Broken windshield while in dealer possession. Who replaces it?

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DOOKEY

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You can put anything in a contract, does not mean it can hold up legally.

usually the best way to handle it is to tell your insurance, they have legal and will figure out if its worth fighting or paying. it boils down to cash in end
My fear was that insurance wouldn't cover it because we didn't have it in our possession while the damage occurred. They didn't care. They just took care of it.

Our glass policy is $7 per month and a $50 dollar deductible. Like you said... we let the insurance people deal with it this go round.


Thanks to all for the advice.





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5foot19

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My fear was that insurance wouldn't cover it because we didn't have it in our possession while the damage occurred. They didn't care. They just took care of it.

Our glass policy is $7 per month and a $50 dollar deductible. Like you said... we let the insurance people deal with it this go round.


Thanks to all for the advice.
In Canada, your insurance would go up as a result. I hope it doesn't work the same in the US.
 
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In Canada, your insurance would go up as a result. I hope it doesn't work the same in the US.
Is the glass covered under your normal vehicle policy?
 

5foot19

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Is the glass covered under your normal vehicle policy?
Yes, you can get special coverage to give you a zero deductible on the glass/windshield, but without that special coverage, your windshield is still covered, just at the same deductible as the rest of your car. but here, basically any claim raises your premiums, so for the cost of a windshield, it's not worth claiming.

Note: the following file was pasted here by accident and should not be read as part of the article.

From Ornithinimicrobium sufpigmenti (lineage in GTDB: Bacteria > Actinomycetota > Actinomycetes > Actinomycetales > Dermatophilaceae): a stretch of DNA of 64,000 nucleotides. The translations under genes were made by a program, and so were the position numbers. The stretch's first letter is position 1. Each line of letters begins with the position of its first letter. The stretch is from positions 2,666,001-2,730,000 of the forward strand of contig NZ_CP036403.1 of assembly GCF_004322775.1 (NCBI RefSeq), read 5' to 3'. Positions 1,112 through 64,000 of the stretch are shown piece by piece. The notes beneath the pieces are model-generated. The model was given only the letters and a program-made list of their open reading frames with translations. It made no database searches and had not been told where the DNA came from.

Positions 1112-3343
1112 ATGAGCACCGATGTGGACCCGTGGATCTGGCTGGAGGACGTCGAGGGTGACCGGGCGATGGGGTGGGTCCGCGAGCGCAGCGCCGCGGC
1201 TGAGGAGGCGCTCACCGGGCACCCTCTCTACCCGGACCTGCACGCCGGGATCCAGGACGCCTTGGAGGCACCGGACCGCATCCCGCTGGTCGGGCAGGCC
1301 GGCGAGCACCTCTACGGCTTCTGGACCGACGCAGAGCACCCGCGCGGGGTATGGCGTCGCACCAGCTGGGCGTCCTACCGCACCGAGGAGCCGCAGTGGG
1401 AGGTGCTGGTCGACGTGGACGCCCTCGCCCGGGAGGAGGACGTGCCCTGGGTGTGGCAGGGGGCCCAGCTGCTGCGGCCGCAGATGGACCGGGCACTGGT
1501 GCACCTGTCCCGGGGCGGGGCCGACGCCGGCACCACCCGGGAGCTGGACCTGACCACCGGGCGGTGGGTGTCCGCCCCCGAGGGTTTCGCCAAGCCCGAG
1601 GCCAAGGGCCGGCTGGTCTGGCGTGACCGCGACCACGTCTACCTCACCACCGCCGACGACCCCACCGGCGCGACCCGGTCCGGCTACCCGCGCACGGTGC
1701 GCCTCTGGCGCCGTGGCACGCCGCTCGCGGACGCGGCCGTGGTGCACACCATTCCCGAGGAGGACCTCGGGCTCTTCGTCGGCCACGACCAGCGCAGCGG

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I'm being told that our glass isn't their responsibility while in their possession.

No answers on how it was broken.
100% their fault. This happened to my work van, deer jumped up and busted the windshield. They said, your insurance can fix it? My boss said, no it was in your possession. TLDR, the shop paid to have it fixed.
 
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Yes, you can get special coverage to give you a zero deductible on the glass/windshield, but without that special coverage, your windshield is still covered, just at the same deductible as the rest of your car. but here, basically any claim raises your premiums, so for the cost of a windshield, it's not worth claiming.
It used to not, but because the JL windshield is ridiculously expensive, now it does.

Glass claims used to have zero effect on general premiums back in the JK days because even the windshield with the goofy logos that cost more were still relatively inexpensive. I went through (and still go through) windshields yearly and my insurance didn't care and didn't raise my rates. I think the zero deductible for glass depends on the state, too. Colorado doesn't have the zero deductible because of the hail we get. That and practically nobody here can manage to drive for a week without plowing into something.

That ain't the case with the JL, though. The JL windshield still runs damn near $1,000 on average (and it's weird how the price actually varies; folks show pics of their Safelite invoices and the cost is all over the place).

If you aren't getting into any accidents, I think a lot of insurance companies were originally covering the windshields at a loss, even with a deductible. With my JL, my rate goes up every time I swap a windshield, but it's just a few bucks. I still think I'm breaking even between my yearly rate and what a windshield normally retails for.
 
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I think my JL replacement was $330 because I didn't care about the OEM glass.
 

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I think my JL replacement was $330 because I didn't care about the OEM glass.
I actually tried to get my insurance to replace my last windshield with non-OEM and they wouldn't do it. It had to be the Mopar one for safety or some bullshit.
 

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Yes, you can get special coverage to give you a zero deductible on the glass/windshield, but without that special coverage, your windshield is still covered, just at the same deductible as the rest of your car. but here, basically any claim raises your premiums, so for the cost of a windshield, it's not worth claiming.
What province you in?

It's not like that in BC.

If your window is broken/smashed when you are not there to see who did it - you MIGHT pay a deductible as long as you have comprehensive - but it might also be no cost and it DOES NOT affect your insurance premiums :)